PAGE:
|photo source: Swedish Parliament website|
The Local reports today that the government is now going to chart the rates of intolerance directed at minorities in Sweden, and produce a report in August. According to the article, Integration Minister Erik Ullenhag (Liberal Party) is now urging that something be done about the “intolerance” (read: “hate crime”) in Sweden.
Apparently as the result of a meeting with Muslim leaders in January, Ullenhag has decided that it is time to start teaching history to students to discourage hate crime. He claims that “What worries me an awful lot is that, in my conversations (with both groups), I’m receiving signals that both Jews and Muslims are testifying to being the subject of harassment because of their religious symbols.”
Let’s hope that what Ullenhag really means is not “symbols”, but “identity”. No one is abused because they wear identifiable symbols of faith. To make that assumption neglects the totality of religious and ethnic prejudice. It also implies that removing these items would render the wearers acceptable to bigots—and that is certainly not the case.
Ullenhag makes another problematic statement:
- “Jews in Sweden are held accountable for what the Israeli government does, and the Muslim group has been met with suspicion ever since the 11th of September as potential terrorists.”
This eerily parallels remarks made by Malmö’s Mayor Reepalu equating Zionism and anti-Semitism. Equating these two “rationales” for hate crime is inexcusable, and constitutes a type of justification for hate crimes from both angles.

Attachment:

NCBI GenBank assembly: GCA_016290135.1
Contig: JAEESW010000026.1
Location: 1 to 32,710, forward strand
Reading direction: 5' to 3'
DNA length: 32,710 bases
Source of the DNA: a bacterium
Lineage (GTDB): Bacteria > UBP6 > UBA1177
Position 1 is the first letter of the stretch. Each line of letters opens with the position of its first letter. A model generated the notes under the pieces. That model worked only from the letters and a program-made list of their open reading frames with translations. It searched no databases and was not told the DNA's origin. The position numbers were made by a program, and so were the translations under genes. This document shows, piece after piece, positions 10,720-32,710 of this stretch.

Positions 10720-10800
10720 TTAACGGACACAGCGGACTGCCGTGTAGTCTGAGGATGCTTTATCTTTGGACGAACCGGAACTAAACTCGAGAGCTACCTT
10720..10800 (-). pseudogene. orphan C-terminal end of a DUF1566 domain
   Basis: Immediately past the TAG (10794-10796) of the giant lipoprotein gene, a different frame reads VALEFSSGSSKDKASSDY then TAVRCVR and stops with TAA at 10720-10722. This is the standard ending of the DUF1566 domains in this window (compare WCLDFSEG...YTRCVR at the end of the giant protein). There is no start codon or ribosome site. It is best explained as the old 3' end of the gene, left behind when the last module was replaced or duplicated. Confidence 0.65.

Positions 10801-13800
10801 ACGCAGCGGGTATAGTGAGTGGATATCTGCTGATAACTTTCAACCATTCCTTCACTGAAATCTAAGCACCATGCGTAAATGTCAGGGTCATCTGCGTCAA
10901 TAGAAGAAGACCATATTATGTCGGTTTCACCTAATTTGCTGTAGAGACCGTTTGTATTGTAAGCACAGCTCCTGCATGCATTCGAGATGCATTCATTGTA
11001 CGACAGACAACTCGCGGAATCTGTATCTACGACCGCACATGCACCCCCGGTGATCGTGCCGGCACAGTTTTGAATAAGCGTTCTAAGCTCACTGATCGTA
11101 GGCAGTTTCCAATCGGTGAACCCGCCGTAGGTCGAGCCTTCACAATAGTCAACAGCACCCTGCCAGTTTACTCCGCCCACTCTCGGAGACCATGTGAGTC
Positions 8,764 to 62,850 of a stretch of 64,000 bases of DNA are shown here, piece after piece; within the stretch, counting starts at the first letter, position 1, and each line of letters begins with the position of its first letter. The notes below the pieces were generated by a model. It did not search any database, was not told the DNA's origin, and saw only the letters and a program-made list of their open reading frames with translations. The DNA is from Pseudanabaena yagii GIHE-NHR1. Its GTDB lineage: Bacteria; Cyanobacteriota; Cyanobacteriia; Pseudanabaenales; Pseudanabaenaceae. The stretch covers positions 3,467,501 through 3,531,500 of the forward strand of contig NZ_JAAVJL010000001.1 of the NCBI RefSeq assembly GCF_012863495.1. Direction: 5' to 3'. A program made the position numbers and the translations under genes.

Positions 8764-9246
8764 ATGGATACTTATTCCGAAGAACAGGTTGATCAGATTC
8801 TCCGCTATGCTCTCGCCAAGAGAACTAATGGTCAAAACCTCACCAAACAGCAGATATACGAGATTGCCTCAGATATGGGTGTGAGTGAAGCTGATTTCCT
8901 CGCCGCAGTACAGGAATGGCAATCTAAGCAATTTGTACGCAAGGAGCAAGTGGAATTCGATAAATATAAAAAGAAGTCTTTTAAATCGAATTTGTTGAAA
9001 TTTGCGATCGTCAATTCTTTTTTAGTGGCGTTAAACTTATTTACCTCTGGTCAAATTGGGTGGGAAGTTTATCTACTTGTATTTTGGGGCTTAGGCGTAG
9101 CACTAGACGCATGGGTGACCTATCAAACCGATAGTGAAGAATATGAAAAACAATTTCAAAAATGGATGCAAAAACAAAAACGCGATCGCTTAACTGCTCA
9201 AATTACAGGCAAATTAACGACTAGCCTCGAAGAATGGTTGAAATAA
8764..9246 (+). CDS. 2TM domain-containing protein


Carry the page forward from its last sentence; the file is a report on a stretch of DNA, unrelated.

At any rate, clocking rates of hate crime and teaching history to high school students are useful, but it hardly seems that this will protect those who are currently targets of hate crime. It would be better if Ullenhag would push for better security now, so that Malmö’s Jewish residents don’t have to pay a “Jew Tax” for community security. Reports are fine if you don’t have a picture of what’s going on, and it’s also fine to preach tolerance in the classrooms, but the problem is well-known and out there on the streets.
We also wonder why the Local couldn’t be bothered to cite the recent visit of the Simon Wiesenthal Center as the impetus to finally do something. Maybe it’s because the SWC already described the situation and proposed doable solutions which could be put in place for the Muslim, Jewish and Roma communities.
It’s hard to miss the facts that the Ullenhag plan is a delaying tactic in the form of the report, and that by throwing the hate crime issue to the schools, it completely and cheaply fails to solve the security issues which face all communities.
By Chanah Shapira